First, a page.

Big Law

IT Departments Beware: Insider Trading


So Catch This …

Apple recently introduced the iPhone 6, and the larger 6+, much to the delight of iFans across the globe. If you have seen the movie, Jobs, you are familiar with the story of the rise to power of one of the largest technology companies of today. You would also be aware that Ashton Kutcher can portray himself as much more intelligent and cunning than the man who could not find his car. However, I digress. In 1979, Apple was not a publicly traded company; with 1980 came Apple’s IPO. Right about now you are probably wondering where I am going with this. Well, the company that represented Apple in their initial public offering, is a now global law firm: Wilson Sonsini.

Long heralded as an innovator from a law firm business perspective and also as a legal technology front runner, Wilson Sonsini was recently in the news, for something far less savory…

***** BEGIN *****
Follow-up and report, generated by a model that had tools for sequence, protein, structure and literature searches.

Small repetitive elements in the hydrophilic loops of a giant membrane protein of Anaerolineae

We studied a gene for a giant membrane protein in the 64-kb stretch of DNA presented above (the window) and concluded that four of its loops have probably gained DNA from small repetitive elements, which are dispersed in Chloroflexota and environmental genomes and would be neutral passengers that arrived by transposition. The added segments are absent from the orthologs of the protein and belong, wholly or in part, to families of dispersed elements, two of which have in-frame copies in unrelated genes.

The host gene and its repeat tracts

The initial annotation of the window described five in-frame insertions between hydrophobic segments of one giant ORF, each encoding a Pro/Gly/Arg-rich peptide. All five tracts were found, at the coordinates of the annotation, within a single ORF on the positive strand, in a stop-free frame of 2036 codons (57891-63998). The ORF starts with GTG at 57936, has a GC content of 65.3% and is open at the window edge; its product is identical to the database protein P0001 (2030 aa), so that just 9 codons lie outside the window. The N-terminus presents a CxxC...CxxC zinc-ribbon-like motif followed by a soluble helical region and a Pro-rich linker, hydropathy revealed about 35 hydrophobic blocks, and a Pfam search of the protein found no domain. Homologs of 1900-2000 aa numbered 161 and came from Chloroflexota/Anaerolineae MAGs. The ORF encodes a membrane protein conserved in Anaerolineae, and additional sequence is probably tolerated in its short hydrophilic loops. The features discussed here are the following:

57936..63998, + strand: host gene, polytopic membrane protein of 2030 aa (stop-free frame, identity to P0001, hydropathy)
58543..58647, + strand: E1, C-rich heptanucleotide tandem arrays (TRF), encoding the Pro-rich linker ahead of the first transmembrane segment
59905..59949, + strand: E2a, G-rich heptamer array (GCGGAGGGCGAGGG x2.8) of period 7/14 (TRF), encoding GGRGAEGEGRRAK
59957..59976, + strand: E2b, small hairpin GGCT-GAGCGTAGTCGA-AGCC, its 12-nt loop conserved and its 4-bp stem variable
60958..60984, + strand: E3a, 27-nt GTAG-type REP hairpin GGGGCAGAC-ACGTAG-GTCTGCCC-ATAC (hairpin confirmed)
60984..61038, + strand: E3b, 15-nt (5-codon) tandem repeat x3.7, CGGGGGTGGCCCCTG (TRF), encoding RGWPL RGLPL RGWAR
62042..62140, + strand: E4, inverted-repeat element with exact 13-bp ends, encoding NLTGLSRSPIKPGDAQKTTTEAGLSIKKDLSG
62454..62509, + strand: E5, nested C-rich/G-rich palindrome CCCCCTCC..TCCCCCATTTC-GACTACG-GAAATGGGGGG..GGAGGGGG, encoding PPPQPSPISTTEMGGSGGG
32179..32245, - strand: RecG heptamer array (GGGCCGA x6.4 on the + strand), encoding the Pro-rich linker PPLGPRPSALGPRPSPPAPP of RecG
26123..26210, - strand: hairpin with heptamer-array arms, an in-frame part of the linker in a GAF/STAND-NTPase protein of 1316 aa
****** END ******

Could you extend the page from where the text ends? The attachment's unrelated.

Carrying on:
A now former, employee of the Wilson Sonsini’s IT Department was arrested and charged with insider trading, using the confidential firm client information to net just under $300K in a little under three years.  The intent to deceive was clear, as he was trading under the alias of a family member. Obviously, the individual knew what he was doing. Ignorance was not the issue here … at least not ignorance of the law.

Our Take…

You can’t fix stupid.  A firm with the prestige, client base and practice focus of Wilson Sonsini have policies and internal controls established to protect the firm and their clients from external and internal resources bent to illegally profit from insider information.  This case is just one instance that made the news wire across the legal industry.  Maybe I have a stronger moral compass than most, but the fact that an individual will risk their life, freedom and family for what: a new car, cool vacation, $$ in the bank does not make sense to me. This begs to question, how many more cases of outright theft have been buried out of fear of losing face in the broader business community.

Such a sad state of affairs, and don’t blame Wilson Sonsini, it is nearly impossible to identify a person with larceny in their heart through the interview/employee hiring due diligence process.

You can read the sad story here, and here

Catch Ya Later …


 

 

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